“I’m smart, Miss. I have so many ideas, thoughts, and opinions, and I can express them all so well in my language. But I just can’t in English.” The student described that feeling of voicelessness as a burning desire in his heart to speak and express himself. He recounted several situations when he couldn’t muster the courage to just say what he wanted. The burning desire to express grows, but it constantly gets blown out by his situation of fear and hopelessness. “It’s a never-ending cycle,” he dejectedly uttered.

He proceeded to describe the trials and tribulations of being an immigrant student who aspires to fight on a level playing field with his peers; however, on far too many occasions, the language barrier evoked fear and didn’t allow him to even set foot on the field. He acknowledged that there were days filled with opportunities to prove to his teachers and peers how much he can contribute and add value to the classroom setting. Those days were also filled with fear and anxiety when attempts to just say a few words were halted because of the language barrier. “Maybe I should return to my home country,” he suggested.

My heart overflowed with pain because no one should feel as if they do not have a voice. No one should have to hold back their words due to fear of being judged or misunderstood. No one should have to keep in their important and valuable thoughts and concerns. My mind flipped through the pages of memories of also not being able to fully speak English when I started my education in America. I remember sitting in mainstreamed classrooms and not understanding what my teachers or peers were saying. I always had questions about tasks and homework assignments and wanted to raise my hand to ask my teachers to slow down, but I never did because I was afraid of rejection. My heart ached because the student was experiencing a similar situation to the one I experienced. I wanted to advise the student, “No, you’re going to be fine. I will be your voice. Use me.” I wanted to take away the fear and anxiety that goes hand-in-hand with transitioning to a new country and culture. But that is not the purpose of my job at 12 Plus.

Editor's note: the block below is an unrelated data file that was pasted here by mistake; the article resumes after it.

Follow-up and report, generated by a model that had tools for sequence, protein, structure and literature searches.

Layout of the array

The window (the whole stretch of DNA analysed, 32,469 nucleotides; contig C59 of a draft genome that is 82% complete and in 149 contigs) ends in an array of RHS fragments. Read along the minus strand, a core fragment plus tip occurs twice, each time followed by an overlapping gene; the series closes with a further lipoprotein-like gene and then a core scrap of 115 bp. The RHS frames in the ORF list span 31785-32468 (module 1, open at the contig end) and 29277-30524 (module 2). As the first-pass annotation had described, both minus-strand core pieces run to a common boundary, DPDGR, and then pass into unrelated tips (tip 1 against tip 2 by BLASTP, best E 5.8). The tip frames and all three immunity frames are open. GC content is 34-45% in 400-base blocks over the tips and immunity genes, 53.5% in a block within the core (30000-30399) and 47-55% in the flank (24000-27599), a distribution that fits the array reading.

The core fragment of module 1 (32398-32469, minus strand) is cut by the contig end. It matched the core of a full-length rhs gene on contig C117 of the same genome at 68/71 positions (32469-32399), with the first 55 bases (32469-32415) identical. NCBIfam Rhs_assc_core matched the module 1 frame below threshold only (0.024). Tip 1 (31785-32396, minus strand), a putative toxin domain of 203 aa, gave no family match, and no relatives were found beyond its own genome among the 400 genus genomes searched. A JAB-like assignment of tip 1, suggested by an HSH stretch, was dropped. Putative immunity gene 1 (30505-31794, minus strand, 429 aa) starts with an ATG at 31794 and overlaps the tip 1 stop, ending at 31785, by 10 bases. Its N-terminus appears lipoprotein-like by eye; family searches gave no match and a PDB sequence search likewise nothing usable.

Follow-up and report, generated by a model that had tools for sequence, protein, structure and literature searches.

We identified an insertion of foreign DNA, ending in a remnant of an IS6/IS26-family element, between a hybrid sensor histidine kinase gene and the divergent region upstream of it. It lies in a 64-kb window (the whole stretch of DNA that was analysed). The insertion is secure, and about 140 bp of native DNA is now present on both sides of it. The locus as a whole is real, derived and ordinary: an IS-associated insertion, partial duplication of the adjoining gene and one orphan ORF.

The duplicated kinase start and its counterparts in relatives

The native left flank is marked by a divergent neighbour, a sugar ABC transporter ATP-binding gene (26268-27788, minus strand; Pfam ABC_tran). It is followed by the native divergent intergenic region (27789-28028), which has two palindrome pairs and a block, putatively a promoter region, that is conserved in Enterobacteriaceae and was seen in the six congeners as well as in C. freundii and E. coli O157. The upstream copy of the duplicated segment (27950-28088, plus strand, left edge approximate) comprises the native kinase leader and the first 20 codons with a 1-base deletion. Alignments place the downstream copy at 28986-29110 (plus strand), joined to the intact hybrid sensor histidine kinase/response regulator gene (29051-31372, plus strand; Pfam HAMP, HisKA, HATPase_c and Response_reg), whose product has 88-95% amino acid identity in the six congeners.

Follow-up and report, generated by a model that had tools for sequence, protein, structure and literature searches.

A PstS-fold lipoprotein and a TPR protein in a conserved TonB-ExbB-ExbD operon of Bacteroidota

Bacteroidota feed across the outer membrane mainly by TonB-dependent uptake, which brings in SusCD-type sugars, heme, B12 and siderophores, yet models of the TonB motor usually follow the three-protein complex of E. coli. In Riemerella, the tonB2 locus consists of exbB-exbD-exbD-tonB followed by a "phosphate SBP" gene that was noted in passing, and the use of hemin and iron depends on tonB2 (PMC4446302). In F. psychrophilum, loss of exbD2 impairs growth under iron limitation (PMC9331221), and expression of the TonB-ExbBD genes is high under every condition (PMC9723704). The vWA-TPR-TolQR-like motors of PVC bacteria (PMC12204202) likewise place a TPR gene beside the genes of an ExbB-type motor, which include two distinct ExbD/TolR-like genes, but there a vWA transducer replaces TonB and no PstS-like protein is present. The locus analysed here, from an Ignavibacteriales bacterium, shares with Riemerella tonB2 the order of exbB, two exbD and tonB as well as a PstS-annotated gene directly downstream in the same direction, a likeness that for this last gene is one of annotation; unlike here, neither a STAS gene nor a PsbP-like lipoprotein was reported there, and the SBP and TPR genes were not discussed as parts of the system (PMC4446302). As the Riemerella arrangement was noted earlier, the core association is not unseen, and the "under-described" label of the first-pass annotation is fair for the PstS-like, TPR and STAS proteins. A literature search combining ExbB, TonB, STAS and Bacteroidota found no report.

As Fellows, our mission is to empower our students to reach high for academic success. “No, you’re not going to learn English if you let fear stop you from learning it,” I advised the student. From that day, I pushed him to read everything in English, watch YouTube videos and online streams in English, engage in conversations with his peers, and join the 12 Plus team to college visits. Whenever he came into the Center, my team and I would often encourage him to have conversations with us in English. The ladies of 12 Plus would ask him about his plans for the weekend, and his answers would get more detailed and expressive as the school year progressed. I remember asking him where to find the best pho restaurant in Kensington. “Home cooked pho is the dopest, Miss! ” he exclaimed.

Students after a college informational session and visit to Drexel University College of Nursing and Health Professionals.

Students after a college informational session and visit to Drexel University College of Nursing and Health Professionals.

A day approached when he ran into the PLUS Center and said, “Miss, I push the other students to speak, read, and write everything in English. They won’t learn how to talk in English if they don’t do those things.” This reaffirmed the reason why I pushed him to expose himself to English-speaking culture. I believed in his ability to learn and grow, and I expressed to him that I did. Not only was he able to act on the challenges that my team and I set for him, but he also inspired his peers to take on those same challenges. I was so proud that he was able to learn that fear is the single most powerful obstacle to learning.

Students waiting for the train to go visit La Salle University.

Students waiting for the train to go visit La Salle University.

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